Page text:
The expenses for operating Horizons Specialized Services have continued to rise during the past three years, while the nonprofit organization's funding from the state has flatlined.
The Horizons board of directors plans to meet with Moffat and Routt county commissioners Jan. 27 during the board's annual retreat to discuss solutions to the funding dilemma.
One of those solutions could be a mill levy request.
"We realize that getting voter approval for a mill levy would be a challenge, but we also know that we need to do something, because our starting salaries are too low and the growth in our waiting list is alarming," Horizons Executive Director Susan Mizen wrote in a letter to both counties' commissioners.
Horizons provides housing, care, education and activities for Moffat, Routt, Rio Blanco, Jackson and Grand counties' special needs adults. Horizons also provides support for special needs children and their families.
Horizons receives 88 percent of its funding from the Colorado General Fund and Medicaid. But funding levels have remained the same or decreased during the past three years.
In the meantime, utilities, food and rent costs have increased, and Horizons has given its employees an hourly 10-cent raise.
State statute allows community centered boards such as Horizons' board to collect a tax of as much as 1 mill with the approval of voters.
"Even if we pursue that possibility, it wouldn't have to be 1 mill," Mizen said.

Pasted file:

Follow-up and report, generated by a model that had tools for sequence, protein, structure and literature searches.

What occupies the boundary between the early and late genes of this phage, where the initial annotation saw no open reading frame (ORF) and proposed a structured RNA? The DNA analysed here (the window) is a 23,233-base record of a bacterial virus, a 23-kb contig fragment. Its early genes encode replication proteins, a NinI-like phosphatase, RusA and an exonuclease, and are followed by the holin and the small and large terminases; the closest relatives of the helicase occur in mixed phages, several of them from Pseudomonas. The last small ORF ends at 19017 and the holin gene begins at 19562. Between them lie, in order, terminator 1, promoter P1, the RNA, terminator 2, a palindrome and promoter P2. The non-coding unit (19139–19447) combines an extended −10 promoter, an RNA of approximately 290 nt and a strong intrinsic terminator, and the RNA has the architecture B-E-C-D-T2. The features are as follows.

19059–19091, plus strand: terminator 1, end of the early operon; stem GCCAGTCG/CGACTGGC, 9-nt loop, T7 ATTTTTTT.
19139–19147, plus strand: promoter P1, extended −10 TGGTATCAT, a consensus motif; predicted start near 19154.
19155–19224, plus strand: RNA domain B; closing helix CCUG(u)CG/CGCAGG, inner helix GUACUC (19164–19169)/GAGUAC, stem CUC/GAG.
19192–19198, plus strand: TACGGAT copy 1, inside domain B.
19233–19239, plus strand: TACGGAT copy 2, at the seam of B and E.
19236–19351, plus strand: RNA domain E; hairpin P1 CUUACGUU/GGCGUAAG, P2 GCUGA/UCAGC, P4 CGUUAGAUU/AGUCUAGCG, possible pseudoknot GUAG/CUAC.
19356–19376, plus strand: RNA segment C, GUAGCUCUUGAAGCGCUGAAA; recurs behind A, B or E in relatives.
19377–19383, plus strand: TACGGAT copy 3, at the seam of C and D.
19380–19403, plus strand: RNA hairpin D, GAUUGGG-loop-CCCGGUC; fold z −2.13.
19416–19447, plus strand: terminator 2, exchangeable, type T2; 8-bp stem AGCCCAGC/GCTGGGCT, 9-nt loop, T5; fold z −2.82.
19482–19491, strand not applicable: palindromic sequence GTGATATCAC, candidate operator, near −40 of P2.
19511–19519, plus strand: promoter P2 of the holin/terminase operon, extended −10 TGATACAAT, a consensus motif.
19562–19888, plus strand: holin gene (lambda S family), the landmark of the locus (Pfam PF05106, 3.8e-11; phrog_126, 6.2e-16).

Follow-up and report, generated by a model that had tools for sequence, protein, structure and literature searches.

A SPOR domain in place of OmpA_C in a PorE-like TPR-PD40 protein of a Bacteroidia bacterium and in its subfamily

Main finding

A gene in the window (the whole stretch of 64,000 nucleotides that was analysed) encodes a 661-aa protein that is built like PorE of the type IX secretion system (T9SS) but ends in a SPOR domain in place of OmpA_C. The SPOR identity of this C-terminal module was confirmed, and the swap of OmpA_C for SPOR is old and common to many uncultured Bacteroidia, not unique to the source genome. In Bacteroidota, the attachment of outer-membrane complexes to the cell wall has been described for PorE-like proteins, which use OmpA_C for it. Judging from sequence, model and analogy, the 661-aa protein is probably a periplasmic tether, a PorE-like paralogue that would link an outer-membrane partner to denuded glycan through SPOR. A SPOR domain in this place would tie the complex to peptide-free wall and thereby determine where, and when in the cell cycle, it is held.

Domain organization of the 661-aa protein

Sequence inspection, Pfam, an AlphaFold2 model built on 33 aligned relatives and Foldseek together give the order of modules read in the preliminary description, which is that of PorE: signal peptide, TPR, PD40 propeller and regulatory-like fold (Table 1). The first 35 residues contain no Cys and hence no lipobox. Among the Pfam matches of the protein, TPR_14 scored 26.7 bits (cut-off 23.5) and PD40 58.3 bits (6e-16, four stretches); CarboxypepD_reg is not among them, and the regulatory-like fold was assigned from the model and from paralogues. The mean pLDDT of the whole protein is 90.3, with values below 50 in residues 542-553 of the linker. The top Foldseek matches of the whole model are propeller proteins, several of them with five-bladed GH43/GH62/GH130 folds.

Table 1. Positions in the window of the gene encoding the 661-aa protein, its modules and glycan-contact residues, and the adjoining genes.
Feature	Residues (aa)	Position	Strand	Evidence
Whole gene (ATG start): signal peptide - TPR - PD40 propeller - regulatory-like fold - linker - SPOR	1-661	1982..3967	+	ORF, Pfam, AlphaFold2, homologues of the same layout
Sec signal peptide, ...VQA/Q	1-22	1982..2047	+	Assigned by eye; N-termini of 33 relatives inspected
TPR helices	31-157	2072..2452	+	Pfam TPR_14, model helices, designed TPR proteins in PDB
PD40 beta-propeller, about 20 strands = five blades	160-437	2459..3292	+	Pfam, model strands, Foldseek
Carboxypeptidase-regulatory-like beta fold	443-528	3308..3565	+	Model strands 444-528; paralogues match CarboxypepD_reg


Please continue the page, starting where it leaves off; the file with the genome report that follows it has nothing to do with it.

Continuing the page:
She's hoping the county commissioners help the board find additional options to supplement state funding.
A couple of options are already on the table. The board could follow the path taken by another community-centered board and enter into the property management system, acquiring property and leasing space to other organizations.
Or the board could continue to raise money to create an endowment. The board already has a fund balance of about $600,000 that it invests. But, Mizen said, it would have to be a large endowment to collect a significant amount of interest.
Horizons already has instituted some fund-raising measures to supplement its budget, Mizen said. A direct mailing drive for children's programs raised $35,000 for Horizons at the end of last year. That's $5,000 more than the organization's goal.
"We don't want to overlook the fact that although we're behind in the state, we've had some very successful fund-raisers, and that's all local dollars," Mizen said.
Horizons operates on an annual budget of $3 million. Moffat County and the city of Craig fund Horizons through the Human Resource Council, a partnership that disperses local government charitable contributions. The council gave Horizons $16,500 last year.
The majority of the organization's clients reside in Moffat and Routt counties.
Thirty adult clients live in Moffat County, and 20 of those clients live in one of five group homes where they receive full-time care. Horizons assists 40 children and their families in Moffat County.
Commissioners Darryl Steele and Tom Gray plan to attend next week's meeting with the Horizons board.